After five sea days, it was good to reach land again.  In Hawaii we visited in Hilo and Kona on the Big Island, Maui, Kauai, and finally Oahu.  Again, we choose not to take the ship’s excursions, but instead rented a convertible and saw the islands on our own—after all we were still in the USA.  We did use a good guide book (Fodor’s) and the ships excursion descriptions before hand to plan out the things we wanted to see since we had limited time in each port.  We actually probably got more accomplished than most of the people who took the excursions and saved a bundle over the cost of the excursions.  We were able to see Volcanoes National Park (more of it than with the tour), various waterfalls and parks, historical sites, Waimea Canyon, the Arizona Memorial and much more.  We did experience some rain in Hawaii and particularly in Maui where it rained all day, so we didn’t make it to Haleakala or the beaches there.  Instead we browsed the shops in the village of Lahaina which turned out to be a very nice day.

I heard some complaints that debarkation was disorganized, but I did not experience that.  We sat in a lounge until our color luggage tag was called, then left the ship to find our luggage on the dock.  We got a porter to help us with the luggage and he asked which airline we were flying and escorted us and our luggage to the proper bus, and made sure our luggage was put on the bus.  I guess it could have been confusing if you didn’t ask for help, but there were an adequate number of porters if you requested one.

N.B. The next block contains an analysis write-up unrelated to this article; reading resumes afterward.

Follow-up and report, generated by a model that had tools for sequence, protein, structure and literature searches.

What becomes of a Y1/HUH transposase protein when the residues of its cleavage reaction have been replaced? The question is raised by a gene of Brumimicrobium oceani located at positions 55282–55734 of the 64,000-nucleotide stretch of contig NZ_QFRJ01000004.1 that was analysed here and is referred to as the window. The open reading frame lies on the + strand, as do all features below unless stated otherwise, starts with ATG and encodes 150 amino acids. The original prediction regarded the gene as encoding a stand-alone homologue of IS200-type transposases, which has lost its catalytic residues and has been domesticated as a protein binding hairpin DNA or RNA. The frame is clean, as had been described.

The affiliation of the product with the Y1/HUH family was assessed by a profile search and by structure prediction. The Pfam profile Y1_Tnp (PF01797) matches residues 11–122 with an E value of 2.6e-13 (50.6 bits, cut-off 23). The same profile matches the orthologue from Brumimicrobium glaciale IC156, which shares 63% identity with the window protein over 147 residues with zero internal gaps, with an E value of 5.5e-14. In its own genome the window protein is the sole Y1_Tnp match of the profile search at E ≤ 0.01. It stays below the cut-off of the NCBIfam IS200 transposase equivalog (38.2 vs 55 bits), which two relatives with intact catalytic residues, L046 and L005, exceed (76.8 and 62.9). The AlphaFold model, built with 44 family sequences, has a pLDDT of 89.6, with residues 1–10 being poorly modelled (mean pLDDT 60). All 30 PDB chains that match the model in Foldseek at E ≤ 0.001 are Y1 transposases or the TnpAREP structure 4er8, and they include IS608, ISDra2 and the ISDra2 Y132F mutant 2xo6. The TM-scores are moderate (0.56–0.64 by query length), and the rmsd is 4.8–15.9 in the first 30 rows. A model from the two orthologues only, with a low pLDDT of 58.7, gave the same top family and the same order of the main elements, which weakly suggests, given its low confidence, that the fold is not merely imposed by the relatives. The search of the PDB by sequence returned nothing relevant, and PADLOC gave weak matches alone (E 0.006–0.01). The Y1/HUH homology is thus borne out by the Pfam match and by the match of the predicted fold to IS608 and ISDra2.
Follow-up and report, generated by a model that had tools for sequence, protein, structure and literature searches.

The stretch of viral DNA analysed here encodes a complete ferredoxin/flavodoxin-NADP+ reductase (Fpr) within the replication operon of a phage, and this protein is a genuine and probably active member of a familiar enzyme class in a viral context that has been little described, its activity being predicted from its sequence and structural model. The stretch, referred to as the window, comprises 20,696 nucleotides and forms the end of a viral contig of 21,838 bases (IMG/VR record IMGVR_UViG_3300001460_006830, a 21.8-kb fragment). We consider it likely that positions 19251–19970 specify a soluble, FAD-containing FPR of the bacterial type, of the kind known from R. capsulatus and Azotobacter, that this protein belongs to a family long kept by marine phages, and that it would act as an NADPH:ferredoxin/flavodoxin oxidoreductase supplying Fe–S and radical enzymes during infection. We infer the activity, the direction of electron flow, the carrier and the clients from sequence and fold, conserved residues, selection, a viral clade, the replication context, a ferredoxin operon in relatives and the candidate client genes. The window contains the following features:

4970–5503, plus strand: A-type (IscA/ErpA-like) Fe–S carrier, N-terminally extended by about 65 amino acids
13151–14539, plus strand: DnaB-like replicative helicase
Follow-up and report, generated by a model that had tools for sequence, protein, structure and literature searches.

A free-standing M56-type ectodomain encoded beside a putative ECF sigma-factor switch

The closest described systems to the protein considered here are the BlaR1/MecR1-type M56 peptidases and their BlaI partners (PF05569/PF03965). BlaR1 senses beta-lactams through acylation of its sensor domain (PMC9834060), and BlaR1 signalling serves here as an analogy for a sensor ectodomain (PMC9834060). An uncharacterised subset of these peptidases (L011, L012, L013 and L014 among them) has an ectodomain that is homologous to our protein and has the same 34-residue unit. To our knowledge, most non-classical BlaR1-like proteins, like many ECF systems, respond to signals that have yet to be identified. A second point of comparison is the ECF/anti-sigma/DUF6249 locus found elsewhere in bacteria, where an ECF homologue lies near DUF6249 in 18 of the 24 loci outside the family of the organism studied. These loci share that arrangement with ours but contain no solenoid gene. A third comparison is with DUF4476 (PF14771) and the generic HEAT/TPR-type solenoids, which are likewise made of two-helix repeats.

Overall, this was a great vacation.  It actually was like two vacations—first the cruise half, then the Hawaii half.  There were some negatives—the smoking stateroom I already mentioned, the photography staff (they were not very good and one of the few bad attitudes we encountered), but we did not allow these to ruin our cruise.  I don’t know if our expectations were not as high as other people’s, or if we’re just not as demanding, but we found the ship clean and comfortable and the food and service usually very good.   I hate to disappoint the NCL bashers, but I just didn’t see it.